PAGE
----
By this time we’d moved to New Jersey. So I joined RWA, found my local chapter, learned a lot about the business and craft of writing (no mirror descriptions or heroines falling asleep at the end of chapters!), and synopsis writing (and that a synopsis should not be fifty pages long), and decided to try my hand at chick lit. After all, if it was good enough for Jane Austen, it was good enough for me. Plus writing it was great fun, and meant that there was more than one publisher who I could send it to. And receive even more rejections.

And one day I got the call. I had an agent! Yes! And not long after that (although ten years after my first Mills & Boon rejection) my agent sold 32AA to Avon, and I had a three-book deal.

One of the first people to receive a copy of that book was Nan Mary. I had done it, and she couldn’t be prouder. Even though it wasn’t Mills & Boon.

Of course, I’m still living in hope that one of my books will be made into a movie.

Michelle is the author of three women’s fiction and two Young Adult books. She is currently at work on a new women’s fiction story and can be found just outside London, England, where she spends her time either attached at the hip to her computer, or struggling to remember the UK English words for cell phone, sidewalk and spackle. If you’d like to find out more about Michelle’s antics with “improper books”, travel, telephones, red tape and other little life disasters, check out her blog,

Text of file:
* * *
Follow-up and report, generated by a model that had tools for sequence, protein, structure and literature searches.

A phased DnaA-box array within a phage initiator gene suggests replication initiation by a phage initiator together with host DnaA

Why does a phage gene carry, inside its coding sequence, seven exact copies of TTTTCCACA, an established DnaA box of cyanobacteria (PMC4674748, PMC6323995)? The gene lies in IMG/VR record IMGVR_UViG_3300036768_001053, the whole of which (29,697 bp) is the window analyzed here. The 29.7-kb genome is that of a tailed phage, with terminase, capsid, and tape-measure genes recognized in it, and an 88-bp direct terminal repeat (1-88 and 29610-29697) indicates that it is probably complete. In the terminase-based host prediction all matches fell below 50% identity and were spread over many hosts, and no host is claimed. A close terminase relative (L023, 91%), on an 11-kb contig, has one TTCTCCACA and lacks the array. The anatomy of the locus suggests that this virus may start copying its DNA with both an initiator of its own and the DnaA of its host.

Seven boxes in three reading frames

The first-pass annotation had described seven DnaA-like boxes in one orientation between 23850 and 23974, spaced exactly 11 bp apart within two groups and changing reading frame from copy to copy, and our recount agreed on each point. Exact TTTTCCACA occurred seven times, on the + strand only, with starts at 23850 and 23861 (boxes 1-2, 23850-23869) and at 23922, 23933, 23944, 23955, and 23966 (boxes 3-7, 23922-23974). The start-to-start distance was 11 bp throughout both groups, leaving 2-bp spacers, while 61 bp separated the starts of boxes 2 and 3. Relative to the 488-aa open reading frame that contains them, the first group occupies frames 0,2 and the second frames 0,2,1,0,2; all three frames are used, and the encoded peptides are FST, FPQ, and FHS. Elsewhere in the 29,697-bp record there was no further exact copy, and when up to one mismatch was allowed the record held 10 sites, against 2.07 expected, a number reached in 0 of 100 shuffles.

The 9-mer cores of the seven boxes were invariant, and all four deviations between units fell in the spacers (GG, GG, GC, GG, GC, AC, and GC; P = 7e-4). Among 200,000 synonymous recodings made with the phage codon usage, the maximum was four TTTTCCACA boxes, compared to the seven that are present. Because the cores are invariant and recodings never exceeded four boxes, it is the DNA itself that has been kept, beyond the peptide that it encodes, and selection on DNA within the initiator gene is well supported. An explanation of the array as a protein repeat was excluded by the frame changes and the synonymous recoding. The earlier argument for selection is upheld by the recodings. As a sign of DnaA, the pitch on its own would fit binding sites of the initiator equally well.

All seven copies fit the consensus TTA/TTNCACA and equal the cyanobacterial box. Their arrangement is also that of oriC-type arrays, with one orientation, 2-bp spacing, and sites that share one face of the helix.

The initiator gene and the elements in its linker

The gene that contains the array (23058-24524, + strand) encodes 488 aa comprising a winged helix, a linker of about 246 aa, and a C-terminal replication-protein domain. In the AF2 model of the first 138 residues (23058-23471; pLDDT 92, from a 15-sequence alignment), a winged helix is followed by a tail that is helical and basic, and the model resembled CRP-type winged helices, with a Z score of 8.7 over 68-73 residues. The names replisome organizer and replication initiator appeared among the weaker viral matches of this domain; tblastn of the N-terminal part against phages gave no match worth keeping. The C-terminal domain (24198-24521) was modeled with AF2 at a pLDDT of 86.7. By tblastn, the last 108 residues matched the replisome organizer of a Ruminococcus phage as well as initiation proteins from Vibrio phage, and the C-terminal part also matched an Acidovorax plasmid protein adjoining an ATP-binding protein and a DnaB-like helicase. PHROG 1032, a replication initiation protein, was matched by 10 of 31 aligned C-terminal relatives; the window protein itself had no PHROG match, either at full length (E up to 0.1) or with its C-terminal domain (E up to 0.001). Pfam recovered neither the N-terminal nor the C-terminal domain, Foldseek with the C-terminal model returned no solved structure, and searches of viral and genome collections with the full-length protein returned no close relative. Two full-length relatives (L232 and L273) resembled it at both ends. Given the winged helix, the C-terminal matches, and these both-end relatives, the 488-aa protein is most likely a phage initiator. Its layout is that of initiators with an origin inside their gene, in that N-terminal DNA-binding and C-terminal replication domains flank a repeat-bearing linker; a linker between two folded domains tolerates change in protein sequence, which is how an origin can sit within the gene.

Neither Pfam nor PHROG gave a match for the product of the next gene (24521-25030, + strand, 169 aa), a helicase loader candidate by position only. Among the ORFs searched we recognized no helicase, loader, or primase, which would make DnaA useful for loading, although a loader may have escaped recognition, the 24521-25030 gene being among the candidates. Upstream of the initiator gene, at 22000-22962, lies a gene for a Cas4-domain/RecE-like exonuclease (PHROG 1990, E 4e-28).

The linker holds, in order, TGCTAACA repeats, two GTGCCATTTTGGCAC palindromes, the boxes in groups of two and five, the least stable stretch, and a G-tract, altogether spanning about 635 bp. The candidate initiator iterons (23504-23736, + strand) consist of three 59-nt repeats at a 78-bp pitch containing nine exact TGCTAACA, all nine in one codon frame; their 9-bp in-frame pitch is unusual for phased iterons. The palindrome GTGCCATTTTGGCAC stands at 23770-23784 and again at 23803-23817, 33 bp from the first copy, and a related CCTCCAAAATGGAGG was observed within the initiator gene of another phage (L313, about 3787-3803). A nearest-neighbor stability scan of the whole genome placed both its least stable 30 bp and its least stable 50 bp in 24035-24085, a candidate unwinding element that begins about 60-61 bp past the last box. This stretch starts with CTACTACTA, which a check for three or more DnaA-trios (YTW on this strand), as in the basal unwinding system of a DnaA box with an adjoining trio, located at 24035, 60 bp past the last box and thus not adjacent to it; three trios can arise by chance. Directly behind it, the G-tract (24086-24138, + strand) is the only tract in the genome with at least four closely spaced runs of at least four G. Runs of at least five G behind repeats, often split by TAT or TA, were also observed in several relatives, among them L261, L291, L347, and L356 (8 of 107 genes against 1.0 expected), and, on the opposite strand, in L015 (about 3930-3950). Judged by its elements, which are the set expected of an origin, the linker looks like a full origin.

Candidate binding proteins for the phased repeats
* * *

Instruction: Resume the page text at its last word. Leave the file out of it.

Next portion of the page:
1. Thank you to all who posted here – I did post a comment last week, but I fear it was lost in the 96% of the dark matter that we can’t yet find in our universe!

  2. I’m so glad you didn’t give up, Michelle! 32AA is a great book, and I can’t wait to read your next women’s fiction book. Can you tell us a little bit about it and when it might be released? Thanks!

  3. Michelle,

    What an inspiring post. I’ve been feeling a bit disheartened of late and this has perked me right up.

    You ROCK!

    Stu 🙂

  4. As a former teacher of English (American English, not English English) I can see there is some value to reading classics and different genres. True. Romance? Any book that has a man and a woman in it and they don’t kill each other, well, that just may be a romance. But any book that has a story set in an exotic clime with an adventure and danger and fear can also be called a romance, in the true sense of the word. Frankenstein is a romance as it fills these categories quite nicely, except for the woman part….
    But no one should have stopped you from reading what you wanted to read, Michelle.
    And I am so glad you stuck with your writing…I’ve loved your books!